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Loving Mad Tom Cover Design


Loving Mad Tom-(1989-1990, 2005)

(marimba & orchestra)

-marimba concerto

Music by: Andrew Thomas
Poem by:

Copyright © PA1-349-843

Information, rental, parts, score, & piano reduction are available through: ACA- American Composers Alliance
Also, score, & piano reduction are available through: Steve Weiss Music (US) & Bluemallet (Japan)

Recording:2008 Opus One Records #197 - The Polish State Radio Symphony,
Simon Boyar, marimba; & Andrew Thomas, Conductor
Attn: Max Schubel, Opus One, Box 604 Greenville, ME 04441-0604, USA (207) 997-3581)

Loving Mad Tom is scored for:

2 Flutes (1st Flute doubles Piccolo)
2 Oboes
2 Clarinets in Bb
2 Bassoons
4 Horns in F
2 Trumpets in Bb
2 Tenor Trombones
1 Bass Trombone
1 Tuba
1 Percussion
-----(2 optional playing the following):
-----Tubular Chimes
-----3 Timpani
-----Concert Bass Drum
-----Tam Tam
-----Snare Drum
Strings (minimum 10-10-8-6-4)

from the poem, Loving Mad Tom

From the hag and hungry goblin
That into rags would rend ye
All the spirits that stand by the naked man
In the Book of Moons defend ye!
That of your five sound senses
You never be forsaken
Nor wander from yourselves with Tom
Abroad to beg your bacon.

While I do sing ‘Any food, any feeding,
Feeding, drink, or clothing’
Come dame or maid, be not afraid,
Poor Tom will injure nothing.

O thirty bare years have I
Twice twenty been enragèd,
And of forty been three times fifteen
In durance soundly cagèd
On the lordly lofts of Bedlam,
With stubble soft and dainty,
Brave bracelets strong, sweet whip's ding dong,
With wholesome hunger plenty.

With an host of furious fancies,
Whereof I am commander,
With a burning spear, and a horse of air,
To the wilderness I wander.
By a knight of ghosts and shadows
I summoned am to tourney,
Ten leagues beyond the wide world's end.
Me thinks it is no journey.

Seventeenth Century - Anonymous,

I dedicate Loving Mad Tom to William Moersch. When he commissioned me to compose a Concerto for Marimba and Orchestra, this poem leapt into my mind as a dramatic program for the work. The narrator's raffish and alarming personality, his desperate hunger, zest for life, bitterly comic language, and barely suppressed violence grab the reader's attention like a scene from today's streets.

The four stanzas I chose from the poem each personify one movement of the Concerto. The music opens upon a pastoral country scene. Bizarre rapping sounds, emanating from within the string section, interrupt this idyllic landscape as Tom approaches a cottage. He begs for food. At the Marimba's entrance, he conjures up the horrors of the road, and of the insane mind. The incantatory music of the first movement proceeds without pause into a vigorous begging dance. Here, in the second stanza, Tom is agile, stiff, funny, ingratiating, and just a bit frightening. His statement that poor Tom will injure nothing may or may not be true. In the third stanza he describes his confinements at the Bedlam lunatic asylum. The music invokes flat, enchained expanses of time, scurrying rats in the walls, and a flogging. In the last stanza Tom sees himself as a knight adventurer. I find his charm greatest here as he follows his vision "ten leagues beyond the wide world's end." He is a frightening lunatic. He is also an artist entering the wilderness, battling with strange forms. apparitions, and possibilities. This movement is a celebration of his questing spirit.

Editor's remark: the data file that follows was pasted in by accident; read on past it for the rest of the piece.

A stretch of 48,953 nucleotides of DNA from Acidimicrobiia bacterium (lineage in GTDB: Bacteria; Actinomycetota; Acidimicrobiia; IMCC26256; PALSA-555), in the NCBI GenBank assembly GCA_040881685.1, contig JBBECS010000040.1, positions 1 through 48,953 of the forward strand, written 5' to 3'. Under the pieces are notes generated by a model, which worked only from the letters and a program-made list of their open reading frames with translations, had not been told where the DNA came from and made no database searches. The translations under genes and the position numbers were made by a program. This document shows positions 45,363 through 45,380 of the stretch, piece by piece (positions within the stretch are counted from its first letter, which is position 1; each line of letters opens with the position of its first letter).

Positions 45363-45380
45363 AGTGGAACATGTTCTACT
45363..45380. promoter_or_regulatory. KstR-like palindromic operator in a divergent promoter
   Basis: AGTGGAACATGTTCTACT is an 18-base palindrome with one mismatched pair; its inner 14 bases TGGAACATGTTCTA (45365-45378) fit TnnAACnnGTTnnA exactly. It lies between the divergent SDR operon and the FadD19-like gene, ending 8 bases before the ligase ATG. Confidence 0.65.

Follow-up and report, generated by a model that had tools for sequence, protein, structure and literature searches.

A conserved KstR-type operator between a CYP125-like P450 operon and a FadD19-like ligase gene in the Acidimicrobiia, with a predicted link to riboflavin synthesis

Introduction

Dedicated in loving memory of Richard E. Drake & Jeff Mulholland

Ballet Scenario:
Music can be a passive entertainment or a means of exploration. As an exploration, the audience becomes an integral part of the performance. Both the music and the following scenario are poetic aids to direct, but not to define the audio-image.

“Loving Mad Tom” is both accessible and a stretch for the listener. It juxtaposes the understood with the fear of total understanding.

Tom awakes and is drawn by the sound of the bells.
Tom is a solitary being though he is kept by others.
He is and always will be disconnected.
He is surrounded by crowds even when no one is there.

Tom joins the festival.
The joyous madness of the revellers draws Tom to emulate.
Two experiences are happening simultaneously;
The town folk are releasing. Tom is loosing control.

Tom is restrained.
Tom’s nature swirls within the ebb and flow of any stimulus.
He is not a part of the current. He is only propelled by it.
He observes his madness though he is unable to reflect upon it.

Tom is protected by the town.
The people laugh at his antics while they fear understanding them.
All are exploring themselves while transfixed on Tom.
In a strange way they are protecting their own sanity.


Premiered: 1989 -The Shreveport Symphony, William Moersch, marimba; Peter Leonard, Conductor
Also: 1998 - Deutsches Symphonie-Orchester Berlin, Evelyn Glennie, marimba; Vladimir Ashkenazy, Conductor
2005 - Seoul: The Korean Symphony, Simon Boyar,
marimba; Andrew Thomas, Conductor